Ka Chuan: No more abandoned
11/01/2009 The Sun
KUALA LUMPUR (Jan 11, 2009) : The government has given its commitment that
housing projects launched this year will not be abandoned following the
enforcement of new laws and the introduction of a special purpose vehicle
Housing and Local Government Minister Datuk Seri Ong Ka Chuan said, however,
the challenge for the government is to instil confidence in developers and
buyers to ensure the industry continues to be active despite the
unsupportive economic situation.
“For this year, we are very sure that houses launched will not be
abandoned,” he told reporters today at a ceremony to hand over keys to
owners of 37 houses under Phase 4 of the Jalil Sutera housing project that
was abandoned in 2005.
“Under the new law, it is not easy for projects to be abandoned because you
cannot siphon the fund out from the housing projects as there is this
project account which is jointly managed with the ministry.
“They (developers) have to submit the account twice a year in June and
December to the ministry so that we can see how they manage the account, so
that no fund will be siphoned out for them to buy luxurious cars or
airplanes and all money collected from buyers will go into the project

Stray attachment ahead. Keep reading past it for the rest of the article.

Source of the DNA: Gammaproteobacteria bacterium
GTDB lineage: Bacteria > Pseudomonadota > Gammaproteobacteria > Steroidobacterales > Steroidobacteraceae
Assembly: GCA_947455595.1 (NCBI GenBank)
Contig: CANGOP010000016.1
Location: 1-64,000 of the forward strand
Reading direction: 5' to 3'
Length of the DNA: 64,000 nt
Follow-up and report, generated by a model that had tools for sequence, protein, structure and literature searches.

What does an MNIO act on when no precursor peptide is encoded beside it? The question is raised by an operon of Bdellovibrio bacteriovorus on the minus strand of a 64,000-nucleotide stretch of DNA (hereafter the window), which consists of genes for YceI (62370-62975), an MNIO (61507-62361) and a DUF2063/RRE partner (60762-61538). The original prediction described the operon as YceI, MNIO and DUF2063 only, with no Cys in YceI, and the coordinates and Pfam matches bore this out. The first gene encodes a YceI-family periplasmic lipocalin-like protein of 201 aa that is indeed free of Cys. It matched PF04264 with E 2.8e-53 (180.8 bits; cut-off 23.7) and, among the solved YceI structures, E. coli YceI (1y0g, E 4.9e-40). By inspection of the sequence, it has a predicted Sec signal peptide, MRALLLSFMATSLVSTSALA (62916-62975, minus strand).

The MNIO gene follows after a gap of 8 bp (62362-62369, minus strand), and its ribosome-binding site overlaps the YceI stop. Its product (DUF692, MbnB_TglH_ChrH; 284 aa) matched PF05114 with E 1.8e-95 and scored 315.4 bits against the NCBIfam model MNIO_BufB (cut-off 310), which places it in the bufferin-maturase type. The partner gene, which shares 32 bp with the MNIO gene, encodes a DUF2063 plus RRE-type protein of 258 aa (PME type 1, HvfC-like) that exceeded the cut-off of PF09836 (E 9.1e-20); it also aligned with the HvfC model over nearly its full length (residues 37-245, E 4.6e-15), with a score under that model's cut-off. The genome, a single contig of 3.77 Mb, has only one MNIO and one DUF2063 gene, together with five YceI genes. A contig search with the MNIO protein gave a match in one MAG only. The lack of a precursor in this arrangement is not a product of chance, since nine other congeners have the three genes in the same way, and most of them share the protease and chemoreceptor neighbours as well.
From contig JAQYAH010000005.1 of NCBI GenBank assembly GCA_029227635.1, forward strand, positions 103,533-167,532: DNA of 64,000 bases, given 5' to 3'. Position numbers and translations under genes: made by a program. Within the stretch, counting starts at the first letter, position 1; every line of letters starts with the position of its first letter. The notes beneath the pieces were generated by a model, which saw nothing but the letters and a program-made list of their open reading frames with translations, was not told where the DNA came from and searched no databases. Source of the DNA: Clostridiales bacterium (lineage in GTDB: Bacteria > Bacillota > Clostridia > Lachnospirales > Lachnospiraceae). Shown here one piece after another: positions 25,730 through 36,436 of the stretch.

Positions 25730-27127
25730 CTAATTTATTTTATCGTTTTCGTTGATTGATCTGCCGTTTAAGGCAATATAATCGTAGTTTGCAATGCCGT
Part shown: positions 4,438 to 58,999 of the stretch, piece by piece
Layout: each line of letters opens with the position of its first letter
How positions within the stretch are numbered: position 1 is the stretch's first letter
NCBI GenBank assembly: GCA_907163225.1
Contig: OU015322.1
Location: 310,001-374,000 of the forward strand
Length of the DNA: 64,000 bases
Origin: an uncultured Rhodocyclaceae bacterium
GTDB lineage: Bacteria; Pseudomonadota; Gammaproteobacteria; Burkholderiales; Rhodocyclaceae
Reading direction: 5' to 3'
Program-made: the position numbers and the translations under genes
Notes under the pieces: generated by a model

account to build houses,” said Ong.
In 2007, the Housing Development Act 1966 was amended to protect the
interest of buyers by empowering the minister to issue directions to a
licensed developer to safeguard purchasers’ interest, make other appropriate
general directions and investigate developers’ affairs.
Ong said while it was not an easy task, the government aims to achieve
zero-abandoned projects by coming up with a plan to set up a special purpose
vehicle similar to the Pengurusan Danaharta Nasional Bhd (Danaharta). It
will be placed under the responsibility of the Perbadanan Perumahan Negara
(National Housing Corporation) which will be established and supervised by
the ministry as a revival agent for abandoned projects.
“It would also create a special fund to recover the projects and provide
expertise in legal, technical and financial fields as well as in land
administration and management matters,” he said, adding the ministry was
still studying the matter and expected to achieve some positive development
“By having this vehicle, we can revive many housing projects. The problem
is, many people are involved in legal process and are being sued. So, we
hope to overcome the legal complications by creating a vehicle like
Danaharta,” he added.
Ong said 126 projects involving 35,262 houses have been revived either by
the original developer or “a white knight” while 29 projects (15,155 units
and 9,346 buyers) were in the process of revival.
Another 115 (37,308 units and 23,483 buyers) projects were still abandoned
but with potential to be salvaged.